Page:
Best Book Publishers UK | Austin Macauley Publishers

By: Robert Lambert

Through the Rainbow

Pages: 242 Ratings: 4.0
Book Format: Choose an option

*Available directly from our distributors, click the Available On tab below

Two boys are accused of shoplifting. Pursued by the police, they open a strange green door set in a wall bordering a street. Instead of the wet street they have just left behind, they find themselves in a sunlit garden with a crown-shaped fountain set in the centre of a lawn. The garden is owned by Zardaka, a mysterious wizard. He says he can control time and has built himself a house which overlooks the four corners of the earth. Aided by Mista the Owl and Patch, his cat, Zardaka rules his kingdom with an iron hand. PC Higgotty, hot in pursuit, follows the boys into the garden and is turned temporarily into a snake by the wizard. Meeting up with Stella, who also has been captured, Chris and Paul find themselves literally fighting against time in order to defeat Zardaka, who plans to take over the universe.

Robert Lambert graduated from Oxford in 1973 having completed his History and Education course for the B.Ed degree. Due to his secretarial skills he taught mainly in Further Education until 1998. Since then he has taught abroad, working in Saudi Arabia, Poland, Belgium and Italy. This is his first book.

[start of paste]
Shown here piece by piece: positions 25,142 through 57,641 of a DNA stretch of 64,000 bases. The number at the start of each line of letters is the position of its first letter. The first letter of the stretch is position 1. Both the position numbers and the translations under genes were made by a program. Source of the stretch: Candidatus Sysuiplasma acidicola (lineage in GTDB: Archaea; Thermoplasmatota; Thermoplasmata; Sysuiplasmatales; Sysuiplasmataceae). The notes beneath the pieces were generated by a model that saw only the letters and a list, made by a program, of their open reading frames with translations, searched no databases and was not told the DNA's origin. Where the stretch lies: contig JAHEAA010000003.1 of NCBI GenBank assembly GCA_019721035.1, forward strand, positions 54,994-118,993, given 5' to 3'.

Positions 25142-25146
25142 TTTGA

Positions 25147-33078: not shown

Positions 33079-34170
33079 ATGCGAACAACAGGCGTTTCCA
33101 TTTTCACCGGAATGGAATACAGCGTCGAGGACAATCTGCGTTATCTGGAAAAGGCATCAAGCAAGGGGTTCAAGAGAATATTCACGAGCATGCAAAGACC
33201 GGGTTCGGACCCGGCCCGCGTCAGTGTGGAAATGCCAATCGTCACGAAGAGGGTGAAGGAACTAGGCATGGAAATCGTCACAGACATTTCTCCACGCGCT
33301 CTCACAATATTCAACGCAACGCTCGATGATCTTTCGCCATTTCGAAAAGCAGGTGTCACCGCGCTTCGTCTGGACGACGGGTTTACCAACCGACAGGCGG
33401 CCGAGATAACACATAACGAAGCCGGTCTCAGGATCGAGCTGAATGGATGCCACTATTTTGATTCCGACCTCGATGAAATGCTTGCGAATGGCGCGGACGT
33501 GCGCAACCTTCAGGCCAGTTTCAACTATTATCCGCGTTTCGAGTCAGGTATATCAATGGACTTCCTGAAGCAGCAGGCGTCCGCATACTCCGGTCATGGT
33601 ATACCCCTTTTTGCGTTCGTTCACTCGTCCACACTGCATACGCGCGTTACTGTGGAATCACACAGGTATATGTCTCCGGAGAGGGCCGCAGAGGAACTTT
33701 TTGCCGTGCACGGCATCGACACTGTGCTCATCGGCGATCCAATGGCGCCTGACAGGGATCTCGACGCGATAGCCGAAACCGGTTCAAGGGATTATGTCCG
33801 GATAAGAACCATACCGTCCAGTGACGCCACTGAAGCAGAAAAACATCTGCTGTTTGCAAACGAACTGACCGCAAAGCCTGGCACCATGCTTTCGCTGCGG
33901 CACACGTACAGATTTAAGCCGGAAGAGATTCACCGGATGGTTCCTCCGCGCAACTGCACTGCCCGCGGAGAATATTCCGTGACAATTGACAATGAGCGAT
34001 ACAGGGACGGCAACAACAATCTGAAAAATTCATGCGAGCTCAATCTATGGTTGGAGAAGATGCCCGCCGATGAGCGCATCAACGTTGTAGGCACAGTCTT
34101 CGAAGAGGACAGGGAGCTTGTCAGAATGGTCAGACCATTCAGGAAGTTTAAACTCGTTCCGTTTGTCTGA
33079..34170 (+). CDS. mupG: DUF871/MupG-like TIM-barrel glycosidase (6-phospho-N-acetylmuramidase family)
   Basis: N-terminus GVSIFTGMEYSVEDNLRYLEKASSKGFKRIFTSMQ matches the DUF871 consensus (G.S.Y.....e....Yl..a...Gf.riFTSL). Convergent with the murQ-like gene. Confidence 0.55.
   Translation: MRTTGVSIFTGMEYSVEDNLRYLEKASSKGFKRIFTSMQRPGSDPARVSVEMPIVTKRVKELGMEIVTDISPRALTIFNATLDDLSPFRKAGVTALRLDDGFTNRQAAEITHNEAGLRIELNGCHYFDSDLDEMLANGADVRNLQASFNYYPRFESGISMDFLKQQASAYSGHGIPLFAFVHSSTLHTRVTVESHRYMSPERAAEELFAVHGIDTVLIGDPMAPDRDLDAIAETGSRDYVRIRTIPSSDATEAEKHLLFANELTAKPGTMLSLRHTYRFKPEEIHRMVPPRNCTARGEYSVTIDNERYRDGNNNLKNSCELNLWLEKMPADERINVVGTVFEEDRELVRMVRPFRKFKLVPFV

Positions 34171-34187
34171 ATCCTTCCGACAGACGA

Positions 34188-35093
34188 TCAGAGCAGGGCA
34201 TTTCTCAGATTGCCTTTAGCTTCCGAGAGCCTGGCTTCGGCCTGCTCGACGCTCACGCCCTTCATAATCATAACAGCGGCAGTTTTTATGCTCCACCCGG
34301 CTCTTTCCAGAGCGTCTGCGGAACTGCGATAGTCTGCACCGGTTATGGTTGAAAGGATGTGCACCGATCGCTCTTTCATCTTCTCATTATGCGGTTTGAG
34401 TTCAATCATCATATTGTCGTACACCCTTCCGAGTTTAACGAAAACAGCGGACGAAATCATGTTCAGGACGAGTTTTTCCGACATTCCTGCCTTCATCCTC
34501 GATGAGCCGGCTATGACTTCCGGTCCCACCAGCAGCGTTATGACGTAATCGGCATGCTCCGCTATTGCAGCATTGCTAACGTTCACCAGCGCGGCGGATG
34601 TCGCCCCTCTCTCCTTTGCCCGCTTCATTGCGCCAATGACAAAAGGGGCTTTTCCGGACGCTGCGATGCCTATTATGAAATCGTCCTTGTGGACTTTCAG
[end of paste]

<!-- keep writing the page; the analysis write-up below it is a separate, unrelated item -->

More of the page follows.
Customer Reviews
1 reviews
1 reviews
  • Aaron Thomas

    I brought Through the Rainbow, as from the summary, it seemed reminiscent of the sort of book I liked reading as a child in the 1970s, with its themes of the magic of people from a normal background suddenly brought into contact strange and challenging new worlds. The teased elements of time-travel also attracted me, as an idea that has fascinated me from an early age. More generally, I liked the idea of a tale with magic, as it was clear this book would contain this. With its twin themes of magic and time travel, this was part-magic fantasy, part-historical drama, with engaging elements of humour as well as adventure and challenge. One particular adult, stern, an authority figure, yet bumbling and foolish at times, seemed to be set up at the start as a classic light relief character-then I ended up being surprised just what a serious role and weighty part of the story he ended up being given. I thought it was very well written, particular as I see it is the author's first book. It was very enjoyable, and I for one would read another instalment in the adventures of Chris, Paul, Stella, PC Higginbottom, Nadira and Zardaka the Magician. Parents of children between 8 to 12 could do well to get their children this if they want to encourage them to read.

Write a Review
Your post will be reviewed and published soon. Multiple reviews on one book from the same IP address will be deleted.

We use cookies on this site to enhance your user experience and for marketing purposes.
By clicking any link on this page you are giving your consent for us to set cookies